The state attorney general's office made history Wednesday with what officials described as the largest drug takedown in the office's history, in Methuen and Lawrence.

"As a result of this operation we dismantled a major drug trafficking operation in the Northeast region of this country," said Attorney General Maura Healey. "This operation of our Fentanyl Strike Force is a culmination of a two-year investigation that involved extensive surveillance of a sophisticated narcotics operation that spanned our region and was overseen by higher-ups as far away as New Jersey."

Healey was joined by state, federal, and local police at a press conference to announce the takedown, which resulted in the arrests on Wednesday of 12 individuals in Lawrence and Methuen and the seizure of four guns, almost $100,000 in cash, and more than 24 kilos of heroin, fentanyl and cocaine. Eight of those arrested lived in Lawrence and four lived in Methuen.

"To put this in context, 24 kilos that we seized represent, and you can see them here on this table today, that represents what you're looking at, millions of dollars worth of drugs," Healey said. "As importantly, if not more importantly, it represents hundreds of thousands of lethal doses of drugs that we have kept from affecting communities in our state."

Police executed search warrants for 14 locations in Methuen and Lawrence on Wednesday, in an operation that involved over 100 members of law enforcement. The individuals arrested are from several levels in the distribution chain, officials said.

Law enforcement officials emphasized the importance of getting the seized drugs out of local communities.

"This underground economy has a direct and detrimental impact on countless lives and knows no boundaries, geographic, economic, or otherwise," said Methuen Police Captain James Jajuga Jr.

Associate Special Agent in Charge for the U.S. Drug Enforcement Administration New England John DeLena said the DEA will continue to work to keep dangerous drugs off the streets.

"With the arrests highlighted today and the seizure of fentanyl and drug proceeds and guns we know this will have a very positive impact on all of our communities," DeLena said. "We have witnessed the destruction that the opioid epidemic has brought to each and every one of our neighborhoods. That is why we are here today."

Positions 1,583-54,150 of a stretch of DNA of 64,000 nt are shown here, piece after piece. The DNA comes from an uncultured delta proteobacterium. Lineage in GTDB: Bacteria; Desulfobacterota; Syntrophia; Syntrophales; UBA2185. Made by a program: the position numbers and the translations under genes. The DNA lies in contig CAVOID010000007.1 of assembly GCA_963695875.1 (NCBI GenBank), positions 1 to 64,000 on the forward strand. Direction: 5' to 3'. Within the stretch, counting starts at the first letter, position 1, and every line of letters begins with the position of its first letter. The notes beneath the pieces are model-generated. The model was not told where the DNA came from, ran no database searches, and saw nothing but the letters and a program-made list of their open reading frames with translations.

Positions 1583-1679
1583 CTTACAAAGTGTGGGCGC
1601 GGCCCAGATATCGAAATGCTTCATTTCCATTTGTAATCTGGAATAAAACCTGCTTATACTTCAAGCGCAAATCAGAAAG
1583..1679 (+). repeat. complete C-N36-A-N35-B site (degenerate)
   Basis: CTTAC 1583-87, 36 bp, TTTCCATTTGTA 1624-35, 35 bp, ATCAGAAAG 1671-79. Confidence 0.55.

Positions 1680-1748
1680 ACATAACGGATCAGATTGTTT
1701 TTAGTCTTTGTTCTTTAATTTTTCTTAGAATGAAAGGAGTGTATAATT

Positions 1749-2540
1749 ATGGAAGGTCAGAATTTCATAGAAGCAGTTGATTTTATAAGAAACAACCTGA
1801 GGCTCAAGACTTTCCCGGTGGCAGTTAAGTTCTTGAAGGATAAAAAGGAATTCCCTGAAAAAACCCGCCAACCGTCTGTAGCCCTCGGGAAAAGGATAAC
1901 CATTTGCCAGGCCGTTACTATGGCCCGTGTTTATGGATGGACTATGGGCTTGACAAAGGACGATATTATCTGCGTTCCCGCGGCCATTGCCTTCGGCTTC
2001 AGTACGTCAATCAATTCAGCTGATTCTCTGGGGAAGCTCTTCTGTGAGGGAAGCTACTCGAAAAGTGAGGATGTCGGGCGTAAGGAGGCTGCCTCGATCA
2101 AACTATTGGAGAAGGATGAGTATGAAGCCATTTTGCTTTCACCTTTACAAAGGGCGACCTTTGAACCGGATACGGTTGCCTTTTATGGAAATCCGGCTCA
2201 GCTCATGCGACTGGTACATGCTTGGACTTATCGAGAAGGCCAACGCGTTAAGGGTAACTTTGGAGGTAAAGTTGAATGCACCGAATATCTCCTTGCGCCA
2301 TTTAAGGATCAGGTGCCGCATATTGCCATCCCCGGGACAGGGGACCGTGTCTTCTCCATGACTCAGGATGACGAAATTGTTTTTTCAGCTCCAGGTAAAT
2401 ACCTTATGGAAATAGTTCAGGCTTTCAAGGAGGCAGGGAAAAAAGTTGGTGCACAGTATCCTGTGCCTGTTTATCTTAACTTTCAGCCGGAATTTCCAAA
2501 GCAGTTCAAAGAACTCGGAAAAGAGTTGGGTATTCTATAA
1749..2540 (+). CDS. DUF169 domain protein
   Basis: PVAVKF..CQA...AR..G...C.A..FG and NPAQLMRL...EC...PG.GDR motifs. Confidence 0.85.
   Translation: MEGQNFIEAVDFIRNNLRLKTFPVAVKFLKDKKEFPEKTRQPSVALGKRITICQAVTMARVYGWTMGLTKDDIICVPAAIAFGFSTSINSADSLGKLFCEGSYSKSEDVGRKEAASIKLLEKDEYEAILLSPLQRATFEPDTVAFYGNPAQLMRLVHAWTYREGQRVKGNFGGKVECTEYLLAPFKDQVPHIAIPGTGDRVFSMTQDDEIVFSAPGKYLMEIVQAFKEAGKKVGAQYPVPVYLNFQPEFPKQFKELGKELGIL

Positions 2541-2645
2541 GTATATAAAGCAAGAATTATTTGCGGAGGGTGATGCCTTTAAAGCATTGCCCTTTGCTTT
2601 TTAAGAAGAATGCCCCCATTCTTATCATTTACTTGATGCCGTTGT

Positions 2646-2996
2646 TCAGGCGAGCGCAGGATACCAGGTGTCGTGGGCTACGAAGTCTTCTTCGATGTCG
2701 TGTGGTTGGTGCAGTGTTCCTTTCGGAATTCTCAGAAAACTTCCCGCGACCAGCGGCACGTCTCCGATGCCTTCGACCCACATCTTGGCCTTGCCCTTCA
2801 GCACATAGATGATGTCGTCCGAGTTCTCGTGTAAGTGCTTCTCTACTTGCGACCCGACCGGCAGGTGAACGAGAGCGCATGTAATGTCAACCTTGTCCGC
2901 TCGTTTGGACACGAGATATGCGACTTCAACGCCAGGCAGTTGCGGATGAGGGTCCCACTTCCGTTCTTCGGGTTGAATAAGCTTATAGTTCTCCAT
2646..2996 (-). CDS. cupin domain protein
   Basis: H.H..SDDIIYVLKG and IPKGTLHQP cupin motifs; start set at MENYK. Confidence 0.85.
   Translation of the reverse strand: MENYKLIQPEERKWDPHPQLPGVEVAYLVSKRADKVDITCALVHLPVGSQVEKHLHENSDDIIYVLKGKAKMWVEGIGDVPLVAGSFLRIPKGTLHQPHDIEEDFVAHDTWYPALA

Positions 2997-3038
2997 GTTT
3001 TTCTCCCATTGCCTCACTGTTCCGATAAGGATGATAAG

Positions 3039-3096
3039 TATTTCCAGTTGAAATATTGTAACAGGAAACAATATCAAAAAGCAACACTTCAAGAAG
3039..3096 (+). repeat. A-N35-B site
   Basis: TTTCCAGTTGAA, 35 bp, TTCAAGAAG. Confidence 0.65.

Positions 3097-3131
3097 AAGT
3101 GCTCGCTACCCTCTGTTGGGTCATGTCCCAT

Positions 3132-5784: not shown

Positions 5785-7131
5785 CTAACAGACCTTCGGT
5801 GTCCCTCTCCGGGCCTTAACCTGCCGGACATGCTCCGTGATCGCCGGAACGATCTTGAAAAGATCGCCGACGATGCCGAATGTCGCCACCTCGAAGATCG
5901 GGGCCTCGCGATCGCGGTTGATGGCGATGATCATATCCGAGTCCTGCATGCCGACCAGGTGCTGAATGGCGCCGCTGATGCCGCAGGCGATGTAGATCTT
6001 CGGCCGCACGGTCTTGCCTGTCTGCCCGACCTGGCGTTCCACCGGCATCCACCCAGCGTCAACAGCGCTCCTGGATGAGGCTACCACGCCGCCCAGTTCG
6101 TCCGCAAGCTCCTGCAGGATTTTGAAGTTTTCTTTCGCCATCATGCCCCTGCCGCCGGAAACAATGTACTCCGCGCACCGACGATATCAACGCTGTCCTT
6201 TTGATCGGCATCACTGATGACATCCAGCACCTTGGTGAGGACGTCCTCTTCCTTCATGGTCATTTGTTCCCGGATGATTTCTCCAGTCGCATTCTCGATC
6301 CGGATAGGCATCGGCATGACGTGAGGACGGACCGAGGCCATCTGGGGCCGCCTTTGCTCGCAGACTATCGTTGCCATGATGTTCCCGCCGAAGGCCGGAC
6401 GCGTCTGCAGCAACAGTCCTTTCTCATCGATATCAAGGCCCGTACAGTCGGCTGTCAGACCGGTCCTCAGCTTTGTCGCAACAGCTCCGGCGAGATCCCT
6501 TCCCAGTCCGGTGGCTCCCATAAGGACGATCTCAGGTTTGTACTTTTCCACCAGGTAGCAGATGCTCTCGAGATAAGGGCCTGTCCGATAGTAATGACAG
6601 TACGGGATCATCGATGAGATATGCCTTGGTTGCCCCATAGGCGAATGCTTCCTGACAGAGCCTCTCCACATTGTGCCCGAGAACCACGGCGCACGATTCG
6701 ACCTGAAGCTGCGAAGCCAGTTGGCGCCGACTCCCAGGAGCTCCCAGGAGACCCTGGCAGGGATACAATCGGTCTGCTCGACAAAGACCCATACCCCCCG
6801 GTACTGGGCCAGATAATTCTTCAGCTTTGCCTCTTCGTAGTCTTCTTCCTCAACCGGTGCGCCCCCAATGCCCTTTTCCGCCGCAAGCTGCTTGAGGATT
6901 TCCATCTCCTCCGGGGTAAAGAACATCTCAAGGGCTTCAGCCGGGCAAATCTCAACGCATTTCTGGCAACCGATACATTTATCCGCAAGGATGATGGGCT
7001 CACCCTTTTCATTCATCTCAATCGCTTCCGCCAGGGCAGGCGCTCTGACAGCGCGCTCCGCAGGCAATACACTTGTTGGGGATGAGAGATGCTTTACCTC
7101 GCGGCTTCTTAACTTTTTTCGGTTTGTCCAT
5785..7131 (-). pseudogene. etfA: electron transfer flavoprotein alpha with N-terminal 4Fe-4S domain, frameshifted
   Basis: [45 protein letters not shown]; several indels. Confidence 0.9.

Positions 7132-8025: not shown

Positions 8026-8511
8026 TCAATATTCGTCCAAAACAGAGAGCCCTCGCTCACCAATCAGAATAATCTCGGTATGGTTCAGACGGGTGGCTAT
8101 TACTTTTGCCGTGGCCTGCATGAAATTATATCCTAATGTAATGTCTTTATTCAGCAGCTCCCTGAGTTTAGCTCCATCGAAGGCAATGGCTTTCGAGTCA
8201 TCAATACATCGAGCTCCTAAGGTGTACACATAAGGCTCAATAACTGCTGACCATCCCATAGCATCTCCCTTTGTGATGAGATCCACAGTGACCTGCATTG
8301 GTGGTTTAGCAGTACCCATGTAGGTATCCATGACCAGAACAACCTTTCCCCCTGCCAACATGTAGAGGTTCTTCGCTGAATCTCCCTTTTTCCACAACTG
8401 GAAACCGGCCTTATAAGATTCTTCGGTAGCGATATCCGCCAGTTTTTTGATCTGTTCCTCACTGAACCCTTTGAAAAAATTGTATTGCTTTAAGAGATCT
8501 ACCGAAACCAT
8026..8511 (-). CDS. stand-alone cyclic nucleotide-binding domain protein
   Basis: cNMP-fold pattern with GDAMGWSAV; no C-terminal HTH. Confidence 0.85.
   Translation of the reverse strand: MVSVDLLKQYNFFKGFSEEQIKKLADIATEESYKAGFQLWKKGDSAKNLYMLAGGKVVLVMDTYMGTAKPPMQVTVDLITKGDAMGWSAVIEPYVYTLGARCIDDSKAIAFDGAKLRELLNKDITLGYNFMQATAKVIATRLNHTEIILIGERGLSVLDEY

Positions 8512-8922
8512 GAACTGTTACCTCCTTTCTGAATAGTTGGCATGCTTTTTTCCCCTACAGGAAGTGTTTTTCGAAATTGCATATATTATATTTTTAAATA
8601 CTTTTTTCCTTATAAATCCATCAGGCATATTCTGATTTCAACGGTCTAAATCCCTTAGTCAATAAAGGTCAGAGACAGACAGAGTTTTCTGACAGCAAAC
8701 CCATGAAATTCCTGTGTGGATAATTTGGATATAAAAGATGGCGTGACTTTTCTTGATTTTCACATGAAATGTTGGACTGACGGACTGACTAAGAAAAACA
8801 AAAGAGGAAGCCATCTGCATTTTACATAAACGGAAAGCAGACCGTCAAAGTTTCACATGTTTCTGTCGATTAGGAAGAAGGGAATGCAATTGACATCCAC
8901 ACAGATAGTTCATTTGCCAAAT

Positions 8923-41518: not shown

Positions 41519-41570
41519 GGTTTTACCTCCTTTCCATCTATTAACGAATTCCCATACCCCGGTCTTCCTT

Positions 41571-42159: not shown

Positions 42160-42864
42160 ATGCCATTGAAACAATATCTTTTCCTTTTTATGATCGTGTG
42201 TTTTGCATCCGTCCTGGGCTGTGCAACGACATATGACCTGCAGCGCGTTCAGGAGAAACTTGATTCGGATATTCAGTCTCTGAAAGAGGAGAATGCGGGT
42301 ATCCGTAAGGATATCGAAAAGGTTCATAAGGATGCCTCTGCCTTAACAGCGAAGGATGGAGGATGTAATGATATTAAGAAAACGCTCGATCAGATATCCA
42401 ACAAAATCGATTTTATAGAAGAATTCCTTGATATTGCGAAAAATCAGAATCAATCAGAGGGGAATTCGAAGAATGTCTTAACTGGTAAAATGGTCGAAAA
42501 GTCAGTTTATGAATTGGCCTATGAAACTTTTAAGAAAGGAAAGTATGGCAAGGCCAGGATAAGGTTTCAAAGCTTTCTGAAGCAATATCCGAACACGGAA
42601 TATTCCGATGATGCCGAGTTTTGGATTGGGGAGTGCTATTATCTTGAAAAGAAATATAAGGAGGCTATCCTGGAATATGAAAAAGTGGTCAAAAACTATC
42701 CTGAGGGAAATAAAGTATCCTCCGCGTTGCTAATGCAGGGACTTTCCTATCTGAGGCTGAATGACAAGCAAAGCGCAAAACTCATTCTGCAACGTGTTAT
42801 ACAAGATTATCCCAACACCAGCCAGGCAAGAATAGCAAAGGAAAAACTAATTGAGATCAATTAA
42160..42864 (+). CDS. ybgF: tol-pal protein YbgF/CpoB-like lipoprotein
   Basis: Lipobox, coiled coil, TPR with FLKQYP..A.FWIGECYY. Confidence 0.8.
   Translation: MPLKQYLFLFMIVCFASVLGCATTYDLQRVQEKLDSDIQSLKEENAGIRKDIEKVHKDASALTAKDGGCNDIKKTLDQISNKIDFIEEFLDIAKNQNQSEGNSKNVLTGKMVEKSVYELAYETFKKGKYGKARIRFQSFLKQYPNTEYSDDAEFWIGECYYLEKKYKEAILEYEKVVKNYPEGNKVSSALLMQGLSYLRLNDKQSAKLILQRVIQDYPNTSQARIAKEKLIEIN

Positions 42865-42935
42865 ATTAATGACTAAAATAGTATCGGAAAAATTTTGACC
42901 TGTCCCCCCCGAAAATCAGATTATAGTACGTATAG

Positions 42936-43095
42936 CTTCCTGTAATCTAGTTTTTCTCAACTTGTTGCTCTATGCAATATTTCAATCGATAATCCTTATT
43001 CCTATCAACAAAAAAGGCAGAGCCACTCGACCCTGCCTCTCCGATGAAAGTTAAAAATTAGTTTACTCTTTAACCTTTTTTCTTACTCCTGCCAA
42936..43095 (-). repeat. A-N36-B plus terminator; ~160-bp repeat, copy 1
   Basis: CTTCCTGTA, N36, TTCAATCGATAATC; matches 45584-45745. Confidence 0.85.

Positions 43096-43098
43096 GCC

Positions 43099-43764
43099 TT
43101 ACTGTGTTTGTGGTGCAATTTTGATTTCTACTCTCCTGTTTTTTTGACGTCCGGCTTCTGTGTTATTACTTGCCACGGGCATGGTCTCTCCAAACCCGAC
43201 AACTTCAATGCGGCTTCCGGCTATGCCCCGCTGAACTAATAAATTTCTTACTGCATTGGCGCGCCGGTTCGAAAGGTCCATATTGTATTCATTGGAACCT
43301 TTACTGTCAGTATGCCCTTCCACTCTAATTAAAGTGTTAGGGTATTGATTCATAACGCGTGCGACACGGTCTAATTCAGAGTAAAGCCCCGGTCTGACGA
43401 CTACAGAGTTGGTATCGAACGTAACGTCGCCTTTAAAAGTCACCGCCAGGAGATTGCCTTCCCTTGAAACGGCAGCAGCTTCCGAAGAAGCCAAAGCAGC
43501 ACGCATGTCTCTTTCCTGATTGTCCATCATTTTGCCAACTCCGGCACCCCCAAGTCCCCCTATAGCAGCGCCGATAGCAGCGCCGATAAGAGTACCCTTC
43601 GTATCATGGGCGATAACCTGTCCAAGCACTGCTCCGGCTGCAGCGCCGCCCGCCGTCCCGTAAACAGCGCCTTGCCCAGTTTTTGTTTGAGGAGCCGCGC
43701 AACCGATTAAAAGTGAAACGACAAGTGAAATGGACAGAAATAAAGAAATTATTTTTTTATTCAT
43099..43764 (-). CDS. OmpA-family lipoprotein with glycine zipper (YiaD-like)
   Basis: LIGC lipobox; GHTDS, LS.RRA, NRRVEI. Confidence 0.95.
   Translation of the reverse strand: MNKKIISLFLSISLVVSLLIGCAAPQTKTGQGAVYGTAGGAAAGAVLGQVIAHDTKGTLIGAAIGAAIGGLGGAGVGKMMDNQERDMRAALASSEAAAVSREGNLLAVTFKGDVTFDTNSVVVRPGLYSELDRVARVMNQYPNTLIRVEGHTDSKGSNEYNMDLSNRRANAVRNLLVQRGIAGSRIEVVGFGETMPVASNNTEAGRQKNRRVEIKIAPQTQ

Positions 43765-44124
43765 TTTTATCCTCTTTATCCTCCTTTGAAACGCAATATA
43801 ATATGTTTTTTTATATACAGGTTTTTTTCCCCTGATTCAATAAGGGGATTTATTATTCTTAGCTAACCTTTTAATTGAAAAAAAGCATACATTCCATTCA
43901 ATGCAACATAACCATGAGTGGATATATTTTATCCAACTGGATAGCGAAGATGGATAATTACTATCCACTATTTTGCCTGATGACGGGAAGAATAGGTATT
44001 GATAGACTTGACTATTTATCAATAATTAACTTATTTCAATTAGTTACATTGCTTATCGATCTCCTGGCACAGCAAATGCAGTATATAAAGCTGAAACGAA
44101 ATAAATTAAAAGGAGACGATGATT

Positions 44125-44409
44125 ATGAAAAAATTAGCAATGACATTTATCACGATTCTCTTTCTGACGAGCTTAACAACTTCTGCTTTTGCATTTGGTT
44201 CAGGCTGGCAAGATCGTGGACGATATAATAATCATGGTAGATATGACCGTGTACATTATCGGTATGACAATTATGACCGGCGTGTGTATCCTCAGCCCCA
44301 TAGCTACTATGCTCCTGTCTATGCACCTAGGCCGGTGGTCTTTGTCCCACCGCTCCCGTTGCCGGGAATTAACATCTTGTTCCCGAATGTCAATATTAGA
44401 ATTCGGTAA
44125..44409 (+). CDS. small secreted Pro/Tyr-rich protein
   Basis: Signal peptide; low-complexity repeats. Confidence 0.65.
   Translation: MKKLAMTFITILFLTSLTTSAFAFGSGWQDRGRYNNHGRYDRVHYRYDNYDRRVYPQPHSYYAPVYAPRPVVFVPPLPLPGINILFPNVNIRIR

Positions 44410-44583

Healey also spoke about the success of the Fentanyl Strike Force, which has seized 227 kilos of drugs, 14,000 opioid pills, and arrested nearly 300 people since its creation in 2016.

"We know this job isn't over, but this critical work, critical collaboration is paying off," she said. "Together with our law enforcement partners we are arresting and prosecuting those engaged in criminal drug operations here and across the Northeast, we're dismantling major drug networks and we're taking millions of lethal doses of heroin and fentanyl off the street. Every drug we take off the street is potentially a life saved."

Healey and law enforcement officials emphasized the importance of interagency cooperation, and how the success of the operation was due, in part, to the cooperation of local, state and federal police.

"This crisis is too big for any one agency to tackle on its own," Healey said.

Michael Kroll, assistant special agent in charge for Homeland Security Investigations in Boston, spoke about the need to tackle these issues across government lines.

"We all know too well that tackling this complex threat involves a united comprehensive strategy and an aggressive approach by multiple entities across all levels of government," he said.

Those arrested will now face charges of conspiracy to violate the Controlled Substance Act for Fentanyl and Cocaine trafficking, and face up to 20 years in prison.

All agencies said they would continue to work to fight the opioid epidemic.

"It is our collective hope that by reducing the availability of these dangerous and deadly drugs we are able to spare families and friends the heartache of addiction and the loss of a loved one," said State Police Colonel Kerry Gilpin.